The district court’s reading of the renewal provision does not address the terms of a renewed lease in the event that business profits increase substantially.  Therefore, the district court functionally ruled that if what it deemed to be the absolute right to renew was exercised, and if business profits did increase substantially, the parties agreed that they would agree to the terms of that renewed lease.  An agreement to agree is not enforceable.  See Ohio Calculating, Inc. v. CPT Corp., 846 F.2d 497, 501 (8th Cir. 1988) (stating mere agreement to agree is not enforceable in Minnesota); see also Lindgren v. Clearwater Nat'l Corp., 517 N.W.2d 574, 574 (Minn. 1994) (concluding that “letter of intent” was unenforceable agreement to negotiate); Mohrenweiser v. Blomer, 573 N.W.2d 704, 706, (Minn. App. 1998) (referring to “letter of agreement” as “an unenforceable agreement to agree in the future”), review denied (Minn. Feb. 19, 1998).  Therefore, the district court’s reading of the renewal provision renders it unenforceable, and hence meaningless, in the event that business profits substantially increase.  Such a reading of the provision is inconsistent with the case law indicating that contract language should be read to avoid rendering a provision meaningless. Cf. Chergosky v. Crosstown Bell, Inc., 463 N.W.2d 522, 526 (Minn. 1990) (stating that courts “will attempt to avoid an interpretation of the contract that would render a provision meaningless”).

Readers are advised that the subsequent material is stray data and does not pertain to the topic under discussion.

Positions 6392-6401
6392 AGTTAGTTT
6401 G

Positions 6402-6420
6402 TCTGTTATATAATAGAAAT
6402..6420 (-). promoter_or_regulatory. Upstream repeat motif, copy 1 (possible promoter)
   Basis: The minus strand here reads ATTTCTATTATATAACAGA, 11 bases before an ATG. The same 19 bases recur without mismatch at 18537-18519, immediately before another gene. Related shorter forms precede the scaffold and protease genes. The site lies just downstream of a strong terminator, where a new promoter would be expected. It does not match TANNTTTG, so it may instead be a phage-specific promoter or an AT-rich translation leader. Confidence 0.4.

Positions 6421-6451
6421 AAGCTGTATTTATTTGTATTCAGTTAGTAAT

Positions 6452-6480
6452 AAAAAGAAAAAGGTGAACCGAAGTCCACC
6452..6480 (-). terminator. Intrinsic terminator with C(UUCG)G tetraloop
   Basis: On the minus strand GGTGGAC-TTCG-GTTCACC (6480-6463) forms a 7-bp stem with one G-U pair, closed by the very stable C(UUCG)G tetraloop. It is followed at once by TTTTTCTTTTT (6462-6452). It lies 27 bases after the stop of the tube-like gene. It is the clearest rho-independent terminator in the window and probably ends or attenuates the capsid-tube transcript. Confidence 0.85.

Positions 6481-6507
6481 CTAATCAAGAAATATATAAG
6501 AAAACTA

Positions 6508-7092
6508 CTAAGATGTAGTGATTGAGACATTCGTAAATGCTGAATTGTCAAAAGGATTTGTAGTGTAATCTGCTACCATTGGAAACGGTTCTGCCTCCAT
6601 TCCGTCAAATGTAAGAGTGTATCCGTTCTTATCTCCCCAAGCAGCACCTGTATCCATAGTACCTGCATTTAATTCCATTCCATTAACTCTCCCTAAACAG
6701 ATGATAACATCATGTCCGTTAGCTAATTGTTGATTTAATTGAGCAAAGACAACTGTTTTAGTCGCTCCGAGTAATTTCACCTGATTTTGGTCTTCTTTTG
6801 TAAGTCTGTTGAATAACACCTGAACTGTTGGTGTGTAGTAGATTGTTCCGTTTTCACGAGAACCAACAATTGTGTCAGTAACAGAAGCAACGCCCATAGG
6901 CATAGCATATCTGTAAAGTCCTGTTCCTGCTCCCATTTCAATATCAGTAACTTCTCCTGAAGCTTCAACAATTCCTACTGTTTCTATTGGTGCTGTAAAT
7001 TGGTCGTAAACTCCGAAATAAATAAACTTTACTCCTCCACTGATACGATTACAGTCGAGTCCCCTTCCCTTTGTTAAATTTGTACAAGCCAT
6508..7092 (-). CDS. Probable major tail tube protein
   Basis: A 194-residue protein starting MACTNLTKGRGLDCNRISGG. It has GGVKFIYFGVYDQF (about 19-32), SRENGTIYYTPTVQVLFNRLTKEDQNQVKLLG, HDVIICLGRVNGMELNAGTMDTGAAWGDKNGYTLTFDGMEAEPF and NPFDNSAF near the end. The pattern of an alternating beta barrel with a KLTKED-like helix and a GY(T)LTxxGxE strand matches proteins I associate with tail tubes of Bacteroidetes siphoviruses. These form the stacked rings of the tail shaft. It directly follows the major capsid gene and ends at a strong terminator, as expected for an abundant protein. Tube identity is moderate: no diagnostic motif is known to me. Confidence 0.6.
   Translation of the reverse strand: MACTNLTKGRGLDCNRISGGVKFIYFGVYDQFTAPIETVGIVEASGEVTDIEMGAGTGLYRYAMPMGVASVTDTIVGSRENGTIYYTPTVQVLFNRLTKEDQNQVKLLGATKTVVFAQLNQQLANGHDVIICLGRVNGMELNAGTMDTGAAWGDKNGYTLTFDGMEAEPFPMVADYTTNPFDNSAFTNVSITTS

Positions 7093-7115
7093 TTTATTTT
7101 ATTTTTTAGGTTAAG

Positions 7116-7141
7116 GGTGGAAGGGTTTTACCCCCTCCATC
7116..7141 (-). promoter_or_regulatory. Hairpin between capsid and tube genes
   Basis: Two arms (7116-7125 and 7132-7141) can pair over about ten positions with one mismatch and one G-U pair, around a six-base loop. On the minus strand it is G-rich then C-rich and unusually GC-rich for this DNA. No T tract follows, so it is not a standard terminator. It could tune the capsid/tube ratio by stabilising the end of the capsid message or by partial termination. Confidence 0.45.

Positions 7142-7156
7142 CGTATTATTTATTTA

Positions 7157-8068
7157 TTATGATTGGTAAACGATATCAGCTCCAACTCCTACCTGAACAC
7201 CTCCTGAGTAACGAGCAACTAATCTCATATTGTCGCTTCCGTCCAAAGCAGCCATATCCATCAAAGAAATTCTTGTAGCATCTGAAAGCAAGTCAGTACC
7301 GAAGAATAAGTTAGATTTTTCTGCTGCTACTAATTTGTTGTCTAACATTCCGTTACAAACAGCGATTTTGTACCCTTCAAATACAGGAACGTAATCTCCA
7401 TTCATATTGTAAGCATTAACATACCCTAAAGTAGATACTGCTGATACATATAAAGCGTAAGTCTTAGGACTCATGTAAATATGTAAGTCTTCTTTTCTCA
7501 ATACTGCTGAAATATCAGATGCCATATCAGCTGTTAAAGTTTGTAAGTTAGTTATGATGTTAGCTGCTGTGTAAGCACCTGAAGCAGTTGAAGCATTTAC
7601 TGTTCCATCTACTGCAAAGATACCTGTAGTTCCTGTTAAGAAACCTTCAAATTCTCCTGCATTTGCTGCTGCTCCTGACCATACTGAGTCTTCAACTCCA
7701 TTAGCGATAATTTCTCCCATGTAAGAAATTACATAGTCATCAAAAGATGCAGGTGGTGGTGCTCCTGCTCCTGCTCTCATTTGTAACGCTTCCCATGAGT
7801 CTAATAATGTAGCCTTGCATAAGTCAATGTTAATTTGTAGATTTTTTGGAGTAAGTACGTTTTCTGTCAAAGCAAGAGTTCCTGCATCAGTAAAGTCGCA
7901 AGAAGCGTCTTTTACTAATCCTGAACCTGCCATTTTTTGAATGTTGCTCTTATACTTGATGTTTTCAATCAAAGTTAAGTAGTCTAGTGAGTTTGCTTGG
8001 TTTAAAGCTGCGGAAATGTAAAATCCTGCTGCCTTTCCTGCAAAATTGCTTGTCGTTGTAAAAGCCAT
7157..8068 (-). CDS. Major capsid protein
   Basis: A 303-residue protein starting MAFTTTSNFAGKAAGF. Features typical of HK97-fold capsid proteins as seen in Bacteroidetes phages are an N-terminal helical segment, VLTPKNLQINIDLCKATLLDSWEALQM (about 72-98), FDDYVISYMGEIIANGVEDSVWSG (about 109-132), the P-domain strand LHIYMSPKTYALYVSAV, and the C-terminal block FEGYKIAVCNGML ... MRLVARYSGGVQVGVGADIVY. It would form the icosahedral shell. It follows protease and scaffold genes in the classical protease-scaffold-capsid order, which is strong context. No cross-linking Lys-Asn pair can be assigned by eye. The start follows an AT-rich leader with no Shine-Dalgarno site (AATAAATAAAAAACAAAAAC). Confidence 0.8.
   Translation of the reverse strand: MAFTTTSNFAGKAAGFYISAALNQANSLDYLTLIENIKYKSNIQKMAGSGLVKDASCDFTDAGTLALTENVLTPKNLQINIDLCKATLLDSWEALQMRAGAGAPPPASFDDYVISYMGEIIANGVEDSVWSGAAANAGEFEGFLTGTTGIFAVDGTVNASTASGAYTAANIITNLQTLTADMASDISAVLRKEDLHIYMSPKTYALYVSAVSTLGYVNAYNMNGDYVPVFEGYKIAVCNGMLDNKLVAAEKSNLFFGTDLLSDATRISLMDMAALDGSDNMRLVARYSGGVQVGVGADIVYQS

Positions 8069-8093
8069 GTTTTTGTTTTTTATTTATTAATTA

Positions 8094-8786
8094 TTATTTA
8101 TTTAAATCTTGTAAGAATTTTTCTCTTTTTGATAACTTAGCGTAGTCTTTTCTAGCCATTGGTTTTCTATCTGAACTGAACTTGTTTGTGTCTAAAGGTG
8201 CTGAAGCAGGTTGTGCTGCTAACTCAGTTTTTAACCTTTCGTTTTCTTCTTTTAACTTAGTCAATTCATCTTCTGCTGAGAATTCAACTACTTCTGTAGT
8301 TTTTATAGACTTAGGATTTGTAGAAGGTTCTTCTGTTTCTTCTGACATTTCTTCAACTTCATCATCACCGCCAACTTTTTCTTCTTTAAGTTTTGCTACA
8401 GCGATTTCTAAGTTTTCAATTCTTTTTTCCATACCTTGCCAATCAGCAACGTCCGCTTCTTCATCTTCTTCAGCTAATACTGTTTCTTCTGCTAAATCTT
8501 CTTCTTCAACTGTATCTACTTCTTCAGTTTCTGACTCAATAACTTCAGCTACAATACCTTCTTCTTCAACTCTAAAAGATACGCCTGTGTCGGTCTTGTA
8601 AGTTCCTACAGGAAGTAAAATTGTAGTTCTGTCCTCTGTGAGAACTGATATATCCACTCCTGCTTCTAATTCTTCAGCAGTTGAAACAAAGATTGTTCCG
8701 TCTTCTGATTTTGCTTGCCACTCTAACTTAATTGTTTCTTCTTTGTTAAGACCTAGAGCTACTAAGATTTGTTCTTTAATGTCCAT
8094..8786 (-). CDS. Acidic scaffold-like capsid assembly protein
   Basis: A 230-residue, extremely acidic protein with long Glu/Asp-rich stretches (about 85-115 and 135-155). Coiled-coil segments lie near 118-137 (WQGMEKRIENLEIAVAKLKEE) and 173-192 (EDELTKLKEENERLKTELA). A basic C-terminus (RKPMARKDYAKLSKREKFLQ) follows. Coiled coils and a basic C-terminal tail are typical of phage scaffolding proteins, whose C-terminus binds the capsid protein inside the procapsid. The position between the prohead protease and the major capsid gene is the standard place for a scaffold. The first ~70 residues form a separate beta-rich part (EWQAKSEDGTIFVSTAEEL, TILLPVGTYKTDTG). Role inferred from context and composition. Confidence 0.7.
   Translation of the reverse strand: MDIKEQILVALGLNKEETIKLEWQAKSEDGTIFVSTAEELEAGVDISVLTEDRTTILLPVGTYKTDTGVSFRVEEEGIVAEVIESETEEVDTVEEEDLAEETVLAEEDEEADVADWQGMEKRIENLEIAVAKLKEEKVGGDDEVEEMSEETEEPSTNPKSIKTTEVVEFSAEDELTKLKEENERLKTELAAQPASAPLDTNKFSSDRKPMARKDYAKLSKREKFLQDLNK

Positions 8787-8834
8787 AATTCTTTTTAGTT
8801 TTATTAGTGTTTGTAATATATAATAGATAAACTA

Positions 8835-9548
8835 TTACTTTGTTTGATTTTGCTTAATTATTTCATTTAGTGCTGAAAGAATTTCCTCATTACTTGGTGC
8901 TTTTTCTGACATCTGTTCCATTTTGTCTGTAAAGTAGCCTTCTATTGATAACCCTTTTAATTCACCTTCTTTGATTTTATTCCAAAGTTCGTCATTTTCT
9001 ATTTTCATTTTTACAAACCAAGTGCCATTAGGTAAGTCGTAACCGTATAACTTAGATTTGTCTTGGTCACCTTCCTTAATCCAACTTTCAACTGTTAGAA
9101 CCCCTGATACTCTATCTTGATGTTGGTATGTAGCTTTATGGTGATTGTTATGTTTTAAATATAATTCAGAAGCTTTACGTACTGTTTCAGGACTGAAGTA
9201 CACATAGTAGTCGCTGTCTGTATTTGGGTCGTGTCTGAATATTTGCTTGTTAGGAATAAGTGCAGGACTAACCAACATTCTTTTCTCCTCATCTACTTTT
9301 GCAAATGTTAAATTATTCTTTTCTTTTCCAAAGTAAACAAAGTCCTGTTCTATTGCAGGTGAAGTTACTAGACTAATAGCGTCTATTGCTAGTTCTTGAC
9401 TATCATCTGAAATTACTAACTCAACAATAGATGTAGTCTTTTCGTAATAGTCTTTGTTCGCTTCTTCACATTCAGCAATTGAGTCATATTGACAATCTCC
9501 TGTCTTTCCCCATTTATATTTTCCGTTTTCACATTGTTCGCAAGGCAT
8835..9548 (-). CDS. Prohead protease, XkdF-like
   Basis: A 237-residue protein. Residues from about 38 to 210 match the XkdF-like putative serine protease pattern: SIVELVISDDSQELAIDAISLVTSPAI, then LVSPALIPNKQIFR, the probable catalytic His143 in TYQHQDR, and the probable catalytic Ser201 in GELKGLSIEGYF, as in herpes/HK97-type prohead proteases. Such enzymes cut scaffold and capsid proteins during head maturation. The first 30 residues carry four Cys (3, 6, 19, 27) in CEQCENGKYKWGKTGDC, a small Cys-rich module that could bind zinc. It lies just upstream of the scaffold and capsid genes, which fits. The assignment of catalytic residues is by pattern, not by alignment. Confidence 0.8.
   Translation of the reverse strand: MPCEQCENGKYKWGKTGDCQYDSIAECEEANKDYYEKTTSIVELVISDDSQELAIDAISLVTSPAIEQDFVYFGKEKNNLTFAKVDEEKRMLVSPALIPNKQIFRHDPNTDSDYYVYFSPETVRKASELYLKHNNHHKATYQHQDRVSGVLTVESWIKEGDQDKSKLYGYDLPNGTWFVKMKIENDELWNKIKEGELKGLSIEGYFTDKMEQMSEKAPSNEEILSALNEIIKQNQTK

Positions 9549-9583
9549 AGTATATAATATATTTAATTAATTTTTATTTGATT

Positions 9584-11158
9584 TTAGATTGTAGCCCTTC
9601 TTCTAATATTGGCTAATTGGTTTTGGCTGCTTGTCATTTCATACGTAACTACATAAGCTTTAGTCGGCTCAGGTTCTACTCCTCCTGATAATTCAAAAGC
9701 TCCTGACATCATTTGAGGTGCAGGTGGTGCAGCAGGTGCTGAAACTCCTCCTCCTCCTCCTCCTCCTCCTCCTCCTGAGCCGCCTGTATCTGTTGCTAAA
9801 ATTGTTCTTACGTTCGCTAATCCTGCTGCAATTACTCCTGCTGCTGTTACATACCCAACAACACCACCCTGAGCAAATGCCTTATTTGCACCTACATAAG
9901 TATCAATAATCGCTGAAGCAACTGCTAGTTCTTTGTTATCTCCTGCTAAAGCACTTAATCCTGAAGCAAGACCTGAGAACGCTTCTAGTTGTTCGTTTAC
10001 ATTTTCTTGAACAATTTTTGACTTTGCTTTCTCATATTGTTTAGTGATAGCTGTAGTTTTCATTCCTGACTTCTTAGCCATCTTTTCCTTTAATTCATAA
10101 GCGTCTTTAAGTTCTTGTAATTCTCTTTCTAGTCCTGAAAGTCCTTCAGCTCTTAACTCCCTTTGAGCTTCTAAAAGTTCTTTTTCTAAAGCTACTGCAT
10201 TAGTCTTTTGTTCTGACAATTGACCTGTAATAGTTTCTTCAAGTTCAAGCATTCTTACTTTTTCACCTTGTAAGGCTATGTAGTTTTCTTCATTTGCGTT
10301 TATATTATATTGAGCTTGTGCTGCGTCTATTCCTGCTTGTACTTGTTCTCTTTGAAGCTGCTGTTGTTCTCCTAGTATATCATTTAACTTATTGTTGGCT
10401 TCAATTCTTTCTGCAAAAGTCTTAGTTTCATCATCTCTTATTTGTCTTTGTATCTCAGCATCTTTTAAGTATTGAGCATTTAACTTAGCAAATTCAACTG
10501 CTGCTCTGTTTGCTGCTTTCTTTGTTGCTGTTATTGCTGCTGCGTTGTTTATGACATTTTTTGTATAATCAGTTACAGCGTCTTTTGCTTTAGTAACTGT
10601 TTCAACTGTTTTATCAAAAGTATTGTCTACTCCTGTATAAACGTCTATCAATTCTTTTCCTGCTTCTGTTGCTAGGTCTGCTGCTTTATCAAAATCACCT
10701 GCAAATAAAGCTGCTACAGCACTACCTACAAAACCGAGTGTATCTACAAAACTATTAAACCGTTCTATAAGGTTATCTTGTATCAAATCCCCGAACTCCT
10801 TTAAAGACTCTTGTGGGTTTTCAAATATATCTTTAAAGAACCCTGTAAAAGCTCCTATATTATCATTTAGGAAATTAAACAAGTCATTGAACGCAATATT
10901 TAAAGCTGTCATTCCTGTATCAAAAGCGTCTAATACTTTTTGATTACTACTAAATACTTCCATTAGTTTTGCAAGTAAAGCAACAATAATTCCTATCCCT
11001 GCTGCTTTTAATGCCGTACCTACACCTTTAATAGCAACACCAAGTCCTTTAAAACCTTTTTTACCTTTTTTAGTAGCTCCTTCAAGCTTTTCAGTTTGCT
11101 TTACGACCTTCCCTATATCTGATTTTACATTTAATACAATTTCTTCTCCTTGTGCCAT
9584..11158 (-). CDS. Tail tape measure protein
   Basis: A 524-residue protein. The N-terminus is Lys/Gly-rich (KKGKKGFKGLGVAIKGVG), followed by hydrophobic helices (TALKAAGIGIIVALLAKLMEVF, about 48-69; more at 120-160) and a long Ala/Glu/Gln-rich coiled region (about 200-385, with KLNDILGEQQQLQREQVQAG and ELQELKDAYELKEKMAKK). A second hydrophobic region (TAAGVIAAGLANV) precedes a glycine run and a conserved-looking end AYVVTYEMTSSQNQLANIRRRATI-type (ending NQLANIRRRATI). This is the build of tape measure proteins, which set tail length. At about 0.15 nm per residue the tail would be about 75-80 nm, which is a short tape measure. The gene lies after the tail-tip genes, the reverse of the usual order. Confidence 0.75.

A close reading of the renewal provision indicates that it creates only a single right, a right to renew the lease on the terms of the original lease, and that the exercise of that right is conditioned on business profits not having substantially increased.  This reading of the renewal provision does not render the renewal provision meaningless if business profits increase substantially[1].  Khatib argues that this reading of the lease makes no “commercial sense” because it means that a business that does well cannot renew its lease.  We reject this argument.  Reading the renewal provision to create only a single, conditional right means that a business that does well cannot re-lease the property on the same terms as the terms of the original lease.  Nothing precludes negotiation of a new lease. 

            Because the lease cannot be read to include an unenforceable agreement to agree, we reverse its directed verdict for respondents Khatib and Alessedy and remand for further proceedings. 

            Reversed and remanded.

* Retired judge of the Minnesota Court of Appeals, serving by appointment pursuant to Minn. Const. art. VI, § 10.

[1]We also note that this reading of the renewal provision is consistent with the grammatical rules governing subordinate clauses.  Subordinate clauses (here, “if the business profits do not increase substantially”) can be adverbial or they can be sentence modifiers.  Martha Kolln, Understanding English Grammar at 164 (4th ed. 1994).  The verb in the renewal clause is “shall have.”  Thus, if the subordinate clause is adverbial, it modifies the verb, identifying the conditions under which a lessee “shall have” the right to renew the lease.  Alternatively, subordinate clauses, especially those introduced by “if,” “seem even more clearly to modify the idea of the whole sentence, because the subordinator explains the relationship of one idea to another.”  Kolln, supra, at 224.  Thus, if the subordinate clause modifies the entire sentence, it identifies the conditions under which the lease may be renewed on the same conditions as the original lease.  In neither case, however, would the subordinate clause modify only the prepositional phrase “under the same terms and conditions as this lease.”